Monday, October 26, 2009


Each quarter I teach a class on Character & Environment Design for the Animation Department, and each time I try to do a demo maquette to show how to approach armature, base sculpting, detail sculpting & texture, painting, etc. This time around, seeing as Halloween is rapidly approaching, I thought I'd try my hand at H.P. Lovecraft's famous slumbering monster, Cthulhu, an ancient evil creature that waits patiently in a sunken Cyclopeon city deep beneath the sea for his chance to rise and destroy humanity.

Click on any of these to bring up a bigger version of the picture in a new window.

One of the things that always bugs me is that, with rare exception, he's always depicted exactly the same. Human body, tentacles coming out from where his mouth would be, humanish hands with pointy fingernails, etc. He never looks remotely as inhuman as I expect from the writing.

He's described as HAVING tentacles - a cephalopod-inspired head, I think the prose says - and "vaguely anthropoid shape," meaning, to me, that he walks upright and has four appendages, nothing more. I wanted to distance this design as much from human while keeping to that basic idea as possible.

He's described as having claws - flabby claws, actually - so rather than the human-hand-with-claws-on-it approach, I decided to go with more of a vaguely crab-based approach.

I saw a gaming miniature of the character once with a lot of eyes, which was one feature that I wanted to keep. Oh, standing next to the monster, which is, I guess you might say, a "waterline" model, seeing as he's half-submerged, is a little Corto Maltese figure for scale. He's about seven inches tall, I'd guess, and about ten inches wide.

I wanted to show a mouth, and I did my best to make it as gross as possible. I didn't have any balsa when I was doing the initial sculpt, so I crudely made the teeth from wooden coffee-stirrers that I cut into triangles with wire-cutters.

He's described as being green, which I decided to ignore - I thought that, given his crab-like tendencies, I'd go with an orange more invocative of crabs, at least the type one sees in restaurants. He also is supposed to have small, mebranous wings, but I liked his back so much as he was coming along that I decided to ignore that little fact, too. He's painted with an assortment of those 44-cent Apple Barrell craft acrylics.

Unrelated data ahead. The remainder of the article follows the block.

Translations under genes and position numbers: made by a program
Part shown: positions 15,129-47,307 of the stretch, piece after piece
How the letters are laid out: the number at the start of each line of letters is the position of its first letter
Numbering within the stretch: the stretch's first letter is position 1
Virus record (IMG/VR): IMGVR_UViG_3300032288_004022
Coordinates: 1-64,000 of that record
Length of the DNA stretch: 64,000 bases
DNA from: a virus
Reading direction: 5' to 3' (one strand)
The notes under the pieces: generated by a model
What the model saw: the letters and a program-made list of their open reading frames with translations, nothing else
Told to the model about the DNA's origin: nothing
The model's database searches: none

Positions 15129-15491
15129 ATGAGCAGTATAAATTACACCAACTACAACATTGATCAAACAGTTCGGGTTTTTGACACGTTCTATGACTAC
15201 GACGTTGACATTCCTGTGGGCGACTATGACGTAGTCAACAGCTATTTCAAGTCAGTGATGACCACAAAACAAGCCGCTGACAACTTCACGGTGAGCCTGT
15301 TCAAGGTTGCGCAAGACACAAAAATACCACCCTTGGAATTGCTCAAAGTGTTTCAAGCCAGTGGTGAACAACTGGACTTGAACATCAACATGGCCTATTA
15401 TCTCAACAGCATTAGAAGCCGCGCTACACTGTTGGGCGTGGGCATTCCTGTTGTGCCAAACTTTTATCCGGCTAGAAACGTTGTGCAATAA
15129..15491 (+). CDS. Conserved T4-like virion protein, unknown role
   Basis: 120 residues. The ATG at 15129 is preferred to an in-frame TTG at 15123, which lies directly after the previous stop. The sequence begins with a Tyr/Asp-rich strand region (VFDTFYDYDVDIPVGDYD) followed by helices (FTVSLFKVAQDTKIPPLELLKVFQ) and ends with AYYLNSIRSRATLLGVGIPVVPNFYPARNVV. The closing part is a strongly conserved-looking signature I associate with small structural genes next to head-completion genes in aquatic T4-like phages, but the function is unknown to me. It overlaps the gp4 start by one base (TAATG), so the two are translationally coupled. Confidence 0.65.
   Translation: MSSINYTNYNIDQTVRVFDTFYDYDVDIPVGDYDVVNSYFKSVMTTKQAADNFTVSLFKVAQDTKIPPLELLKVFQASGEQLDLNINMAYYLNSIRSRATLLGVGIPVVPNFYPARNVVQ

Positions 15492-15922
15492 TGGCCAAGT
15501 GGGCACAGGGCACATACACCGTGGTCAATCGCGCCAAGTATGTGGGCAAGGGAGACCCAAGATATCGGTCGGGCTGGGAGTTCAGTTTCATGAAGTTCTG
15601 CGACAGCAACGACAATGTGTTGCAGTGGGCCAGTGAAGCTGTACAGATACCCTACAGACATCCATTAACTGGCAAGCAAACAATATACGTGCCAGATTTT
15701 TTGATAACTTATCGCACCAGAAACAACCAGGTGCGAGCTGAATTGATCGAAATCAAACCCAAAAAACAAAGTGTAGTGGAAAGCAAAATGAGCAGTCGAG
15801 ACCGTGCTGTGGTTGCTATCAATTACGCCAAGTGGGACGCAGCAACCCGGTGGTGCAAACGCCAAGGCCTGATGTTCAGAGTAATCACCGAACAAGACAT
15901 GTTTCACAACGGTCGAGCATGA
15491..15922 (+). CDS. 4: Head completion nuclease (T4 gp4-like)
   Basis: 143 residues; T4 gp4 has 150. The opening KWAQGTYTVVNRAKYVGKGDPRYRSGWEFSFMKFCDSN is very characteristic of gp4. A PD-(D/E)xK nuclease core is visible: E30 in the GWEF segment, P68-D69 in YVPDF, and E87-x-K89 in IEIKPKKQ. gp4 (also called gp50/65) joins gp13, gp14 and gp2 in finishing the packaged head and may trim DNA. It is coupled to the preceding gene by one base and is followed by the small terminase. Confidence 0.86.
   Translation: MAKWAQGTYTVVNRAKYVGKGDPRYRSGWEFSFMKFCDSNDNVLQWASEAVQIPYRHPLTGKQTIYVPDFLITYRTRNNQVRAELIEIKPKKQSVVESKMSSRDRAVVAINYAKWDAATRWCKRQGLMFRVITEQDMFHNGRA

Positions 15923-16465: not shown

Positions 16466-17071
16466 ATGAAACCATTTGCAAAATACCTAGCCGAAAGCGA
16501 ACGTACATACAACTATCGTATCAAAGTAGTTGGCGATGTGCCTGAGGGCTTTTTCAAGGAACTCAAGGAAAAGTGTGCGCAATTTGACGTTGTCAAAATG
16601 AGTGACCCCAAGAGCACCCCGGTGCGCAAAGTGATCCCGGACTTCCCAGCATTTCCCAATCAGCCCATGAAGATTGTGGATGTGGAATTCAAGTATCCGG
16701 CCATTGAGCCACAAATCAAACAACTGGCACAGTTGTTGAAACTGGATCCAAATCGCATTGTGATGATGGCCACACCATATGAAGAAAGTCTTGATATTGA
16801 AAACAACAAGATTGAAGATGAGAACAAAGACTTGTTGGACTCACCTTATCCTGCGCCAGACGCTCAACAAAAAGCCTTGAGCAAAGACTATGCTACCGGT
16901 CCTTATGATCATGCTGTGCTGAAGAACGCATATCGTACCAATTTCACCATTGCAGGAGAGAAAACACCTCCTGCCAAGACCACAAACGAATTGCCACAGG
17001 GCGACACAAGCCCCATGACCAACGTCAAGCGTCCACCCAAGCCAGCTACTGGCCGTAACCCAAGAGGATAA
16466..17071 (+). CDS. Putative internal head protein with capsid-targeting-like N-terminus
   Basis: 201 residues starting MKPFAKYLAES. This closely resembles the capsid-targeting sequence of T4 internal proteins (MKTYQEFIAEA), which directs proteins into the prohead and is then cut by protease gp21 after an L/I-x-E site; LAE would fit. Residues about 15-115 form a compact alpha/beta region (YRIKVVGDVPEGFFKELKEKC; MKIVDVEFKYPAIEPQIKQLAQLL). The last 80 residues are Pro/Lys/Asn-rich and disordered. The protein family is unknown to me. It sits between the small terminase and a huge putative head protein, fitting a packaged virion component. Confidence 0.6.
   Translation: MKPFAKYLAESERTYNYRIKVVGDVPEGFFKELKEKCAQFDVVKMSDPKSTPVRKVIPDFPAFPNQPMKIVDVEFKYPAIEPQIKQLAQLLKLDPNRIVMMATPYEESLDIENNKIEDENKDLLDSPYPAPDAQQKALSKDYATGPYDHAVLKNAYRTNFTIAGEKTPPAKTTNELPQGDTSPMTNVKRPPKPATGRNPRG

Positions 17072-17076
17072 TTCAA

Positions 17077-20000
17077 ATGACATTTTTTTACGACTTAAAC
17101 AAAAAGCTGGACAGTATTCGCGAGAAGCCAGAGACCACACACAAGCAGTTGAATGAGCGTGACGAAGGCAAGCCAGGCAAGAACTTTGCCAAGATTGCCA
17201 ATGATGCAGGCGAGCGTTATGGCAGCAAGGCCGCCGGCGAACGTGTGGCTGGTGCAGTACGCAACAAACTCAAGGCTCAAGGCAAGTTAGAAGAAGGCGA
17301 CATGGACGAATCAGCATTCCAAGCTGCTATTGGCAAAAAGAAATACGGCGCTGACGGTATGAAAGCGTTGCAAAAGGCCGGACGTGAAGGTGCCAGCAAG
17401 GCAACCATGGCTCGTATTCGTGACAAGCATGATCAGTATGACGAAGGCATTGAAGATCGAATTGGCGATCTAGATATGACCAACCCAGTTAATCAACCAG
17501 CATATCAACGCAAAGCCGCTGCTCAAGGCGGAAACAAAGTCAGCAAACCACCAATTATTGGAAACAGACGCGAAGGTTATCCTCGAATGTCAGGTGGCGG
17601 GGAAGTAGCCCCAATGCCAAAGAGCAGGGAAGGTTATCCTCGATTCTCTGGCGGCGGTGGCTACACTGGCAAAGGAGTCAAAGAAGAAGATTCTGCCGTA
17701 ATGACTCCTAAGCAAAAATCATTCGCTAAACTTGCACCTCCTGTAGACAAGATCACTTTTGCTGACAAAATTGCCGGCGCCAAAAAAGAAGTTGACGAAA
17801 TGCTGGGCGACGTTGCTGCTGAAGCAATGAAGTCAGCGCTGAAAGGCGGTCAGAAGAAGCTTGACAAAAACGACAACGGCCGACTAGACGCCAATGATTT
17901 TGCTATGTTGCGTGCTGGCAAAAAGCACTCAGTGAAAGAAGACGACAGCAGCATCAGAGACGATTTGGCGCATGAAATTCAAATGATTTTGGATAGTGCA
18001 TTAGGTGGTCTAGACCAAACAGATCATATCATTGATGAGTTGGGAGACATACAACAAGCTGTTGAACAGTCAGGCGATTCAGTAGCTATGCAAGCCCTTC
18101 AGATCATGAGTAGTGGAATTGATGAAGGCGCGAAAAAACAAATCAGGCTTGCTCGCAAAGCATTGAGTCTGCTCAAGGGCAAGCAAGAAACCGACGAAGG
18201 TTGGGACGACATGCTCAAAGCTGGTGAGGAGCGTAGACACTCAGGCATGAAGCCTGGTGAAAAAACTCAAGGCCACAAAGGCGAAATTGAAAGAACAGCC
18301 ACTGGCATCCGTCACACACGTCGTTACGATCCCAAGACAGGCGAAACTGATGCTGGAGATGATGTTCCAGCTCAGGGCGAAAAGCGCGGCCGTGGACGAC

I painted the base to look like water. I'd thought about scuplting bursting waves, but decided agaist it. If my imagination ca't conjure up a few ripples, then I've no business making stories.

Anyway, this was an in-class-only project, so it took longer than it otherwise might, but, as I made clear last time, all of my outside-of-class time is being spent finishing Crogan's March. I'm hoping to have the entire thing inked by Tuesday night, and to have all my touch-ups finished by Saturday.


Anonymous said...

enjoyed this!

Nate said...

It makes me think of the Chattur'gha monster from my favorite GameCube game, Eternal Darkness: Sanity's Requiem. But then, it's a VERY Lovecraft-inspired game, so that's not terribly surprising.
Pretty awesome.
Also awesome is the fact that Lovecraft and I have the same birthday.

Roy said...

LOVED it! So are you going to make your inking deadline by today? Good luck.

EY said...


That thing's ugly, great work!

Sean McGowan said...

Wow! That's impressive.

B. Morris said...

*Eyes Bug, Jaw Drops* Marvelous!

Flipyap said...

Thank you for this.
I'm always bugged by the silly-green-fatass depictions of Cthulhu, it's very refreshing to see an original take on the "character".
It's a shame you didn't include the wings, I would really like to see how you'd handle the weakest, goofiest part of the creature's description.
Then again, I could see someone mistaking these massive claws for "rudimentary wings".

Yes, good job, fantastic work.